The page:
The reality of what I am asking is, what is it you are afraid of? Is it one site? Is it two sites? Why is it you believe so much that it is only one site in each region that is the best solution? Is there some rationale for it? Is there some data that you have brought to bear? Have you somehow secretly come up with some scientific information that supports only one site?

Those are the kinds of questions that are begged by section 14, because what you are saying is that you have the answer. It is not just transportation, it is not just incineration, it is the whole concept; the whole concept is that you have the answer. I guess I have to ask, how is it that you have the answer? What is it that you have done as a government that provides the answer that is the best answer?

Further to Mrs Mathyssen's comments, I would be interested in knowing at some point in the course of the hearings, either today or some time during committee of the whole or third reading, whether you would shed some light for myself and for the other members of this committee and the people of Ontario on what magic it is that has come to pass that has provided your government with all the answers all of sudden to come out with the best solution. Or alternatively, are you willing to admit that maybe you do not have the best solution and you have just come up with a solution that will work or that you think might work?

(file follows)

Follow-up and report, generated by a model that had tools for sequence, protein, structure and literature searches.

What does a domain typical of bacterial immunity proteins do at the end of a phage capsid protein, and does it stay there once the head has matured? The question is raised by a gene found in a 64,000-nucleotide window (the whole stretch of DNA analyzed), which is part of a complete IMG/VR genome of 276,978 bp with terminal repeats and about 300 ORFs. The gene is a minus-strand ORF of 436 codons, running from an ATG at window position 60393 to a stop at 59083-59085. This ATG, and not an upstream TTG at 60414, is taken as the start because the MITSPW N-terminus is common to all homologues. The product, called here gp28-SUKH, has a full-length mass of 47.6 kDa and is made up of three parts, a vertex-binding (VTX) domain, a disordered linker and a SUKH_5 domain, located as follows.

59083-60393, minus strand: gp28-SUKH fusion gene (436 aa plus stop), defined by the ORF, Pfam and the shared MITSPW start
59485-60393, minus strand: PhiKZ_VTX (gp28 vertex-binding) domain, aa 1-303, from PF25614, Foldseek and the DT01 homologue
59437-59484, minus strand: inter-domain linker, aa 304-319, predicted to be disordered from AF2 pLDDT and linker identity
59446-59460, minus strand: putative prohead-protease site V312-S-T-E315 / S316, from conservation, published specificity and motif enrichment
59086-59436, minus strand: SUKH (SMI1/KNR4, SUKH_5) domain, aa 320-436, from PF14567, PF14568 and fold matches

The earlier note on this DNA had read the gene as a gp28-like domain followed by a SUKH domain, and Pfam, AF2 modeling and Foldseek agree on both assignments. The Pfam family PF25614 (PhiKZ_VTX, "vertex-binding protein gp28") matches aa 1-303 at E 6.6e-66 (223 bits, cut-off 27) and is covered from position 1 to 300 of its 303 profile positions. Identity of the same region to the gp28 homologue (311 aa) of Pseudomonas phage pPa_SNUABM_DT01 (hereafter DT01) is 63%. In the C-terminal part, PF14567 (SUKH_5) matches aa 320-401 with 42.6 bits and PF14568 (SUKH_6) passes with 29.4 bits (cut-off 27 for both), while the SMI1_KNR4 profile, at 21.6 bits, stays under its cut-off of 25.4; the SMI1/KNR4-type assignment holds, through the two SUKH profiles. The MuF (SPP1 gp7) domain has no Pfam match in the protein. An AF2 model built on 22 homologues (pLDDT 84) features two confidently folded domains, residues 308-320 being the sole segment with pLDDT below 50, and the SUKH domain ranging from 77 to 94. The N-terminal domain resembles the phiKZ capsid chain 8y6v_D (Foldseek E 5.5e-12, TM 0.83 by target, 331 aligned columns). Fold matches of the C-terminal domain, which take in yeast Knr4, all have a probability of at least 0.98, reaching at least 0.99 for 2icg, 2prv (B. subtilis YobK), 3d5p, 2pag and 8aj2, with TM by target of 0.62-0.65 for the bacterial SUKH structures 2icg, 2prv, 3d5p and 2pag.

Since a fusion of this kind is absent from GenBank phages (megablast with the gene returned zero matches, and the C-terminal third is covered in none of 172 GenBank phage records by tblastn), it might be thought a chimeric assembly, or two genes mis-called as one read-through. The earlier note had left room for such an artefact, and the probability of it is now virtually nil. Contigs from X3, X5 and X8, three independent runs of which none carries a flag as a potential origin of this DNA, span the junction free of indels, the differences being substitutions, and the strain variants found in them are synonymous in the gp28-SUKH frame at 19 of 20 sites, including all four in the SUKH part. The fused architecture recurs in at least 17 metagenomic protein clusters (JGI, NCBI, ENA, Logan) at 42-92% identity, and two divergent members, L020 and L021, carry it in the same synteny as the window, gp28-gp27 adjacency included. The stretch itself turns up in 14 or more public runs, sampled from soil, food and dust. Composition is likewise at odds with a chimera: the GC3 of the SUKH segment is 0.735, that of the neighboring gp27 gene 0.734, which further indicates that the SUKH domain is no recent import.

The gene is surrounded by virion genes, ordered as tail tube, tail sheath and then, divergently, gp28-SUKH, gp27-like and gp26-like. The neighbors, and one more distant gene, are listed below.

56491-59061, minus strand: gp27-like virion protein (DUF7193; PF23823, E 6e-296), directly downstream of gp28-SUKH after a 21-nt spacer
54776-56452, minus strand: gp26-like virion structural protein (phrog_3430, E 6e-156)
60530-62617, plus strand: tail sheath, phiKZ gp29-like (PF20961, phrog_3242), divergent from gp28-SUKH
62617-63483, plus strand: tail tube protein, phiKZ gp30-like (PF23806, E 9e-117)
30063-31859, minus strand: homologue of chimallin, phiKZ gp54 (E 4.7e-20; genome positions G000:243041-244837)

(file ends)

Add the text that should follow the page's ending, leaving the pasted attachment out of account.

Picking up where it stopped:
The Acting Chair (Mr Beer): I realize there is a question there. It is now 5 o'clock. If the parliamentary assistant would care to give a reasonably brief answer, we could go forward with that.